The tax plan President Donald Trump unveiled earlier this month was a one-page outline that left much to be desired in terms of detail. The Administration says more will be revealed in the coming weeks, leaving stakeholders unclear on the future of tax reform.

Still, there are some important things worth noting about what Trump’s initial plan could mean for state governments. First, let’s look at a few of the biggest items. For the full list, see this write up from the Tax Foundation.

For individuals:

  • Consolidates the current seven tax brackets into three, and applies income tax rates to 10 percent, 25 percent, and 35 percent.
  • Doubles the standard deduction to $12,700 for single filers, and $25,400 for married filers.
  • Eliminates all itemized deductions except for charitable contributions and mortgage interest.
  • Eliminates the 3.8 percent Net Investment Income Tax.

For businesses:

  • Reduces the corporate tax rate to 15 percent (from 35 percent) and creates a maximum tax rate of 15 percent on pass-through business income.
  • Exempt foreign-source income from U.S. tax.
  • Applies a one-time repatriation tax on companies bringing their foreign profits into the U.S.

What’s next: Any changes to the definitions for personal and for business income and changes to what can be deducted from that will impact states and localities. That’s because most state tax codes are connected to the federal tax system in one way or the other. According to research by the Pew Charitable Trusts, 37 states and the District of Columbia use the federal government’s definitions for income and for deductions. In about half the states, taxpayers calculate their earned income tax credits based on the federal rate.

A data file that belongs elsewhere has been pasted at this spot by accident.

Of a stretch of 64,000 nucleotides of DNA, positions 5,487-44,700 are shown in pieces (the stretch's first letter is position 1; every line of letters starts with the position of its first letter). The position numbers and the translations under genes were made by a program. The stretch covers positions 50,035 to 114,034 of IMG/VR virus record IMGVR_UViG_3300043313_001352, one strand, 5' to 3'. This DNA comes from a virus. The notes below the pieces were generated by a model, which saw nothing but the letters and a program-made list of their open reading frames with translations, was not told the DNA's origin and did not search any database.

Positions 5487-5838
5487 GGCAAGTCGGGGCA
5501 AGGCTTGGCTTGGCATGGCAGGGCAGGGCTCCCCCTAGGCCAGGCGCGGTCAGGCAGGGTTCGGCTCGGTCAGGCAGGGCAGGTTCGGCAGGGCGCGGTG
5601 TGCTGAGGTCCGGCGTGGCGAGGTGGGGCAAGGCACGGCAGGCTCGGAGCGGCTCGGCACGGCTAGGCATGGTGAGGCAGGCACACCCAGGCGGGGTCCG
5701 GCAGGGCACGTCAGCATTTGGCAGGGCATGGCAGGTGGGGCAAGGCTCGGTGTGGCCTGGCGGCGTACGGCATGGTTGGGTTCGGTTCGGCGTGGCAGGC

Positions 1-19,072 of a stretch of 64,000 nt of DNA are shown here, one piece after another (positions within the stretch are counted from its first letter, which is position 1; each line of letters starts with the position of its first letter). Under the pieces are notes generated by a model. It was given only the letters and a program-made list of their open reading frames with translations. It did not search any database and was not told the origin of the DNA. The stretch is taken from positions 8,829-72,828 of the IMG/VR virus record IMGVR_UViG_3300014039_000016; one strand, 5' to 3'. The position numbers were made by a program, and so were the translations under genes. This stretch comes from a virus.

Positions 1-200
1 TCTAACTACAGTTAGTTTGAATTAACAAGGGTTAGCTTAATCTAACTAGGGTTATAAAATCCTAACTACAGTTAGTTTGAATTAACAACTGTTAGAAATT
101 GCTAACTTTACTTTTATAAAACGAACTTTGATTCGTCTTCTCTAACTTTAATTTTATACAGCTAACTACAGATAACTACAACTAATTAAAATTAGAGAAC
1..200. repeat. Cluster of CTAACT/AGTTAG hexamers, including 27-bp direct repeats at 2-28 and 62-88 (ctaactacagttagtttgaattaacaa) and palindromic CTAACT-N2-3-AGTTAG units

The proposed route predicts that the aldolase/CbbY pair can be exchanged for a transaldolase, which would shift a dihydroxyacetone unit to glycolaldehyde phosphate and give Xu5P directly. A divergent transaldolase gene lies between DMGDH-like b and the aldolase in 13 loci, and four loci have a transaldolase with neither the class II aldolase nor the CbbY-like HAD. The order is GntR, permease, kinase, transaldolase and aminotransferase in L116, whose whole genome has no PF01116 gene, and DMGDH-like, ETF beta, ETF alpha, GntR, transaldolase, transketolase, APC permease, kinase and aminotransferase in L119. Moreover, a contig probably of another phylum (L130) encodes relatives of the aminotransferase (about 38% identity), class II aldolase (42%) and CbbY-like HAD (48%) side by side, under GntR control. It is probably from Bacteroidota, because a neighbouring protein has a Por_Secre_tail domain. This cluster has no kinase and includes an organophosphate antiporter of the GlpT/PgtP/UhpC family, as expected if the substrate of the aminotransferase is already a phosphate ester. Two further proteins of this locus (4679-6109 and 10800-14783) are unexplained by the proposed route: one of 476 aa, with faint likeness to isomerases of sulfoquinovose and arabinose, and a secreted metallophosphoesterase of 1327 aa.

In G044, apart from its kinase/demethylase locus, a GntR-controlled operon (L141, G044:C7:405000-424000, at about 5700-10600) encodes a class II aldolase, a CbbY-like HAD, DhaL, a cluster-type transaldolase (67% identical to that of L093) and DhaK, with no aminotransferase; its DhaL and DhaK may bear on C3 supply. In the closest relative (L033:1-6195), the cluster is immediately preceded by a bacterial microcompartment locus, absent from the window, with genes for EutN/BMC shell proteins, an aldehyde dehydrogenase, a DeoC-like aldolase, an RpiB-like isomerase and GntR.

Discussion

The Tax Foundation took a look at what would happen to state revenues in the event of Republican-sponsored tax reform. The foundation’s scenario includes many items in Trump’s tax plan, as well as aspects of House Speaker Paul Ryan’s plan. The conclusion was that reform would result in a revenue boon for most state governments. That’s largely because taxable state income would increase thanks to the elimination of so many itemized deductions. States would suddenly have a much larger tax base without correspondingly lower rates, leading to higher state-level revenue.

The bottom line: On balance, having too much money is a good problem for states to have and it’s certainly a positive for credit ratings. It will be up to each state whether to pocket the new revenue from their taxpayers or lower their rates. History suggests that most places will lower tax rates. When Congress passed the Tax Reform Act of 1986, states enacted a myriad of policy responses. Ohio was the first to act, cutting its state-level tax rates to return its new revenue back to taxpayers. Other states responded by adding back in standard deductions and personal exemptions to return revenue. Nine states, some of which had budget problems, decided to keep the revenue.

Observers expect a similar scenario if tax reform moves ahead now. Most states can probably be counted on to adjust their own tax codes and rates to return money back to their residents. But chronically struggling states -- like Connecticut, Illinois and Kansas -- might seize the opportunity as a revenue windfall. New Jersey, which has also struggled with shortfalls, doesn’t link to the federal tax code and would be largely unaffected.

For individual investors in municipal bonds issued by states and localities, all else being equal, a lower income tax would lower the need to buy tax-exempt securities. The same goes for a lower corporate tax regime. As such, we could potentially see less demand for tax-exempt municipal bonds as the tax burden lowers for individuals and corporations that traditionally purchase municipal securities for their tax-exemption.

Banner photo by Matt H. Wade CC BY-SA 3.0, via Wikimedia Commons